August 2019 | Nano Tools | Innovation
Nano Tools for Leaders® are fast, effective leadership tools that you can learn and start using in less than 15 minutes — with the potential to significantly impact your success as a leader and the engagement and productivity of the people you lead.
Contributor: Stewart D. Friedman, PhD, Practice Professor Emeritus of Management at Wharton, Director of the Wharton Work/Life Integration Project, and author of Total Leadership: Be a Better Leader, Have a Richer Life.
Align your focus and attention on what really matters to you, so you can set more meaningful goals, optimize your performance, and increase satisfaction and performance in all areas of your life.
By looking closely at the different domains of your life — work, home, community, and self — you can clarify what’s important to you and see your life from a fresh perspective. Are you paying attention to what you care about most? Acting in ways that are consistent with the person you want to be? Going after goals that matter? And feeling happy with all the parts of your life, as well as life as a whole?
Completing the four-way attention chart below gives you a clear picture of how things stand today — and points out areas for change that could make life more meaningful and fulfilling. It shows how you manage the allocation of your time and energy and helps you determine whether you’re actually doing what you care about. This exercise is a crucial step forward in your thinking about experiments you might try to make things better in all parts of your life by creating more harmony among them.
This tool is designed to be customized by you, for you. So, keep in mind that your subjective judgment is all that matters. For instance, your involvement in community and society is whatever this means to you, and not what others hold as important to them. It may be about giving money to charity, helping your friends, cleaning up your neighborhood, getting involved in groups working to make the world a better place, or raising children that will be good citizens.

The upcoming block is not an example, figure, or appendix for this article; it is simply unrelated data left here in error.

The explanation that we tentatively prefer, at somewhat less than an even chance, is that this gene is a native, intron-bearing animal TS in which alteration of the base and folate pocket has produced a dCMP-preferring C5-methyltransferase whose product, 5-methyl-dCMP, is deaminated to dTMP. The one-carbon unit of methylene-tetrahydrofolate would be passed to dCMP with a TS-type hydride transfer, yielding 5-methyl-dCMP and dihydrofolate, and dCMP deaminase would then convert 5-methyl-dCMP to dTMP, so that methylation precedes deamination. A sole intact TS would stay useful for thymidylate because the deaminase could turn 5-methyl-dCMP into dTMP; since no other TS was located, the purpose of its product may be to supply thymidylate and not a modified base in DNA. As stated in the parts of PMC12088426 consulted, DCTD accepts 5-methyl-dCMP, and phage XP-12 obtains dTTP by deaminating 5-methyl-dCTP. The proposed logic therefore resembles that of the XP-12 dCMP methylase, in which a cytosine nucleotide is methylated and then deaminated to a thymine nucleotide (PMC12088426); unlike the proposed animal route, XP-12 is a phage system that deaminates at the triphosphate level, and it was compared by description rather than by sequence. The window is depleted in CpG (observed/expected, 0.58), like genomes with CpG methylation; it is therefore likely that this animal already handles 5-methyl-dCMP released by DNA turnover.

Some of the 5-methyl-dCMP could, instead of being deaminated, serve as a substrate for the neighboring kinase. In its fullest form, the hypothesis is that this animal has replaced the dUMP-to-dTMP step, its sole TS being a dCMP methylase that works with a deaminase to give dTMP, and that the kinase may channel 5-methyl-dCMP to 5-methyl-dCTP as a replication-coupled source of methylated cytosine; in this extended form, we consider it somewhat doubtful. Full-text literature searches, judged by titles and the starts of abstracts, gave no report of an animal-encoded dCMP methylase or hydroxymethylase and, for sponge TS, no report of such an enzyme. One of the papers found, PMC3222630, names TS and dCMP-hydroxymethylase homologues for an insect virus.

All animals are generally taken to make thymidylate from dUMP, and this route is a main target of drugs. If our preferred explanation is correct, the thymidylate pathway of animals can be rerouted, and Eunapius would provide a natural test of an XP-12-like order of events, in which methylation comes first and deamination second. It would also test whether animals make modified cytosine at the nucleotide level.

Focus of Attention
After completing the chart, Lim Chang, who manages the West Coast operations of a U.S. retail design firm, said he was surprised to discover he was not “being the person [he] really wanted to be.” He was spending much less energy on community and self, and “that was not my intuition going into the exercise. I started asking…what changes could I make to pay more attention to what mattered to me — and less to what didn’t….What was it that I was doing at work and home that made me feel good about what was happening there?” Chang then looked for new ways of using what he already knew about producing satisfaction in work and home to improve his community and self areas.
Victor was an IT director at a major bank and was a student in an Executive MBA program when he did the exercise. He determined that work and family were equally important to him. Personal fulfillment was less important than those domains, and community was even less so. But he was spending 65 percent of his energy and time on work and school and just 20 percent on his family. “The mismatch really bothers me,” he said. The exercise was a wake-up call, clarifying what is important and creating new insights into positive changes.
Total Leadership: Be a Better Leader, Have a Richer Life, Stewart D. Friedman (Harvard Business Review Press, 2014). Provides tools to achieve “four-way wins” — improved performance in all domains of life: work, home, community, and self. Learn more at www.totalleadership.org.
Nano Tools for Leaders® was conceived and developed by Deb Giffen, MCC, director of Custom Programs at Wharton Executive Education. Nano Tools for Leaders® is a collaboration between joint sponsors Wharton Executive Education and Wharton’s Center for Leadership and Change Management. This collaboration is led by Professors Michael Useem and John Paul MacDuffie.
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